Arts and Entertainment Face facts: ‘Easter Island: Mysteries of a Lost World’ with Dr Jago Cooper

When most of us think of Easter Island, or Rapa Nui, we think of moai, the 887 magnificent statues that guard its shores. But the mystery of BBC4's Easter Island: Mysteries of a Lost World wasn't how these monoliths were made, or how they were moved into place (aliens, obviously) or even whether the ancient Rapa Nui people were responsible for their own decline, it's why the myths have persisted for so long.

Suarez confronts Evra in the match between Liverpool and Manchester United

Luis Suarez racism hearing underway

The Football Association have today begun the disciplinary hearing into claims that Liverpool striker Luis Suarez racially abused Manchester United defender Patrice Evra.

Fabulous Christmas gift ideas: Stockists

The art of giving

Rizwan Syed: Does racialised media harm multiculturalism?

The recent riots have demonstrated that, contrary to Thatcher’s sentiments, society does exist.

Northern humans have bigger brains

People from northern parts of the world have evolved bigger eyes and brains with more developed visual processing to help them to cope with long winters and grey skies, a study has suggested.

Blood Rites, By Barbara Ehrenreich

From prey to predator – why we wage war

Does Cameron have multiculturalist ambitions?

The nature of what David Cameron was arguing in his speech in Munich is problematic. He claims some young Muslim men ‘find it hard to identify with Britain... because we have allowed the weakening of our collective identity’.

Book Of A Lifetime: The Interpretation of Cultures, By Clifford Geertz

If you mapped out a novelist's history in books, beloved and influential fictions would have to loom large in the foreground. But books of ideas can be significant in a novelist's formation too - history or science or philosophy or whatever, depending on taste and training and accidental encounter. From those books we derive the framework of our beliefs, the underpinning convictions thatform our mindset and play through and around the witnessing, empathetic, dreaming parts of our perception. And these shaping beliefs will always be at work in the stories we write, however obliquely, or at whatever level of conscious or unconscious deployment.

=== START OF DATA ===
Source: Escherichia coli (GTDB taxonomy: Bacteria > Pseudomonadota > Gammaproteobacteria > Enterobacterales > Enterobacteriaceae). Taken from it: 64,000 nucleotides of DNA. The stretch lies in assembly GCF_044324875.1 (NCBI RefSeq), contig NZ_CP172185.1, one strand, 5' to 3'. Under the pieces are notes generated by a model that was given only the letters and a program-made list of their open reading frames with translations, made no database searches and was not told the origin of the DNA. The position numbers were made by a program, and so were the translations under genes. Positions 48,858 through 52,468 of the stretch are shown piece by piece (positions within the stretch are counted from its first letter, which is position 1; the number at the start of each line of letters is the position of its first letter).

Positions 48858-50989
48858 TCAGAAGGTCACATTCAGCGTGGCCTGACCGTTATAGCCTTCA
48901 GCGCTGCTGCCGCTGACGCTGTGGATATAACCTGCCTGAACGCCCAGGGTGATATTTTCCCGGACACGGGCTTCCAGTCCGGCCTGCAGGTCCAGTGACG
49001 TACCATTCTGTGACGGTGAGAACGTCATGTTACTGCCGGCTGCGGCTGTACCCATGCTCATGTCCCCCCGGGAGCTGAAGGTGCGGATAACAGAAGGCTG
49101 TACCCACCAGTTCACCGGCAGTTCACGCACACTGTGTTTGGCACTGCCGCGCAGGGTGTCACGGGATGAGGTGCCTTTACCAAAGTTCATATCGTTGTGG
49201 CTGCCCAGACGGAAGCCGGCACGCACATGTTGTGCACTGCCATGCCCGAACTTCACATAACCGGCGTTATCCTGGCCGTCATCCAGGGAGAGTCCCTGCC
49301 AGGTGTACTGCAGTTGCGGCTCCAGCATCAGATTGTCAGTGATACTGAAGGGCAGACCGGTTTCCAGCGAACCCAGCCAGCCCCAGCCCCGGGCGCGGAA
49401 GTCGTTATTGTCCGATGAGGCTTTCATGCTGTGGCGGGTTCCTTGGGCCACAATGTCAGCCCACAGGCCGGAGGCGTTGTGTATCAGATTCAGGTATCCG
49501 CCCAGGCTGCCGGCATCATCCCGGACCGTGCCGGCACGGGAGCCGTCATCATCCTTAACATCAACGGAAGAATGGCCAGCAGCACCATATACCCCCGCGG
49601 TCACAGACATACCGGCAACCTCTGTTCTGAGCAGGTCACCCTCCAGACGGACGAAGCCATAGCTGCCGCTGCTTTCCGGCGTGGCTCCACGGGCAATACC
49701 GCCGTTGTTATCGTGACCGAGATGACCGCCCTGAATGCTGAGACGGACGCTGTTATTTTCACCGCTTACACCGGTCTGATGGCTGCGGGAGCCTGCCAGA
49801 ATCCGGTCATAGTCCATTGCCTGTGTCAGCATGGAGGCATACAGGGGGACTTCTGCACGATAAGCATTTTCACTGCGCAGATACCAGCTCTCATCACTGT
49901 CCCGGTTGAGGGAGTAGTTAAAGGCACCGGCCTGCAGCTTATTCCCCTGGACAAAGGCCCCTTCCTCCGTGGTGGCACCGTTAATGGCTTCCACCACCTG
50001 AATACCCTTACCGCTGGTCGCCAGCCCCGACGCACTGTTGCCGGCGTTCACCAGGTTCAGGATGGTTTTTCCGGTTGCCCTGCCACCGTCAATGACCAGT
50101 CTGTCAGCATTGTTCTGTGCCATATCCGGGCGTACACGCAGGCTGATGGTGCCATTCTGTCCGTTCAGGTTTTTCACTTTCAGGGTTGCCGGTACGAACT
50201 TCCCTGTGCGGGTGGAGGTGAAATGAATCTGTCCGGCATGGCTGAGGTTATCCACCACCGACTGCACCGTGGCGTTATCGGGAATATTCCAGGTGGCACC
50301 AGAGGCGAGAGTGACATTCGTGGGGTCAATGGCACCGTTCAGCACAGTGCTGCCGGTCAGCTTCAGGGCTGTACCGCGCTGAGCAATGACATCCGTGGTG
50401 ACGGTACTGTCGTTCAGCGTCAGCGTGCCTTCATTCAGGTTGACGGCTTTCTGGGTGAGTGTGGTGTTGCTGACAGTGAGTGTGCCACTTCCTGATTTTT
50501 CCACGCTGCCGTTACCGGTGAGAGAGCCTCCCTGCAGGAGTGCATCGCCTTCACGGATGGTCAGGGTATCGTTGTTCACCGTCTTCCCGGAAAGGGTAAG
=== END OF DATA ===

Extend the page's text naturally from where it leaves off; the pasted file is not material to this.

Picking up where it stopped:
Ten of the bloodiest bedtime stories

Remember the cosy nights of your childhood tucked up in bed as mummy or daddy read you softly to sleep?

Family Album, By Penelope Lively

Penelope Lively's story of the Allersmead family – Allersmead is the house, not their name, but they are so identified with the house that they never need a surname – is told by its various members, including Swedish au pair Ingrid, who came one day and never left.

Beeswax (NC)

Andrew Bujalski's low-key, low-budget Austin-set drama is strangely engaging.

Evidence of mass cannibalism uncovered in Germany

Evidence of mass cannibalism in which even children and unborn babies were on the menu has been uncovered in Germany by archaeologists.

Leading article: An anthropologist for our age

When Claude Lévi-Strauss was feted on his 100th birthday last year, the surprise for many was that he was still alive. The surprise on his death, 11 months later, is that, despite becoming the first centenarian among France's immortels, his days had been numbered after all.

Father of anthropology dies aged 100

Claude Levi-Strauss, widely considered the father of modern anthropology for work that included theories about the similarities between tribal and industrial societies, has died aged 100.

Paperback: Pies and Prejudice, by Stuart Maconie

In a week when a generation was utterly mortified at being called "middle class", this affectionate and philosophical look at northerners, "plastics" and deracinated peoples from above the Watford Gap is a timely look at the structure of modern Britain. Maconie aims his anthropological travelogue at people who can go out in October without a coat on, cheer at motorway signs to "The North" and still remember a £2 pint, but also at their southern softie cousins. His chapters about the glorious north are more enjoyable than the one on the grim south, but his search for his northern soul has just the right balance of pies and prejudice to be right good.

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Pompeii, Capri & the Bay of Naples
Seven Cities of Italy
Burgundy, the River Rhone & Provence
Prague, Budapest and Vienna
Lake Garda
Minoan Crete and Santorini
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Vince Cable interview: Charging fees for employment tribunals was 'a very bad move'

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Iwan Rheon is returning to his Welsh roots

Rheon is best known for his role as the Bastard of Bolton. It's gruelling playing a sadistic torturer, he tells Craig McLean, but it hasn't stopped him recording an album of Welsh psychedelia
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Increasing numbers of homeless people in America keep their mobile phones on the streets

Homeless people keep mobile phones

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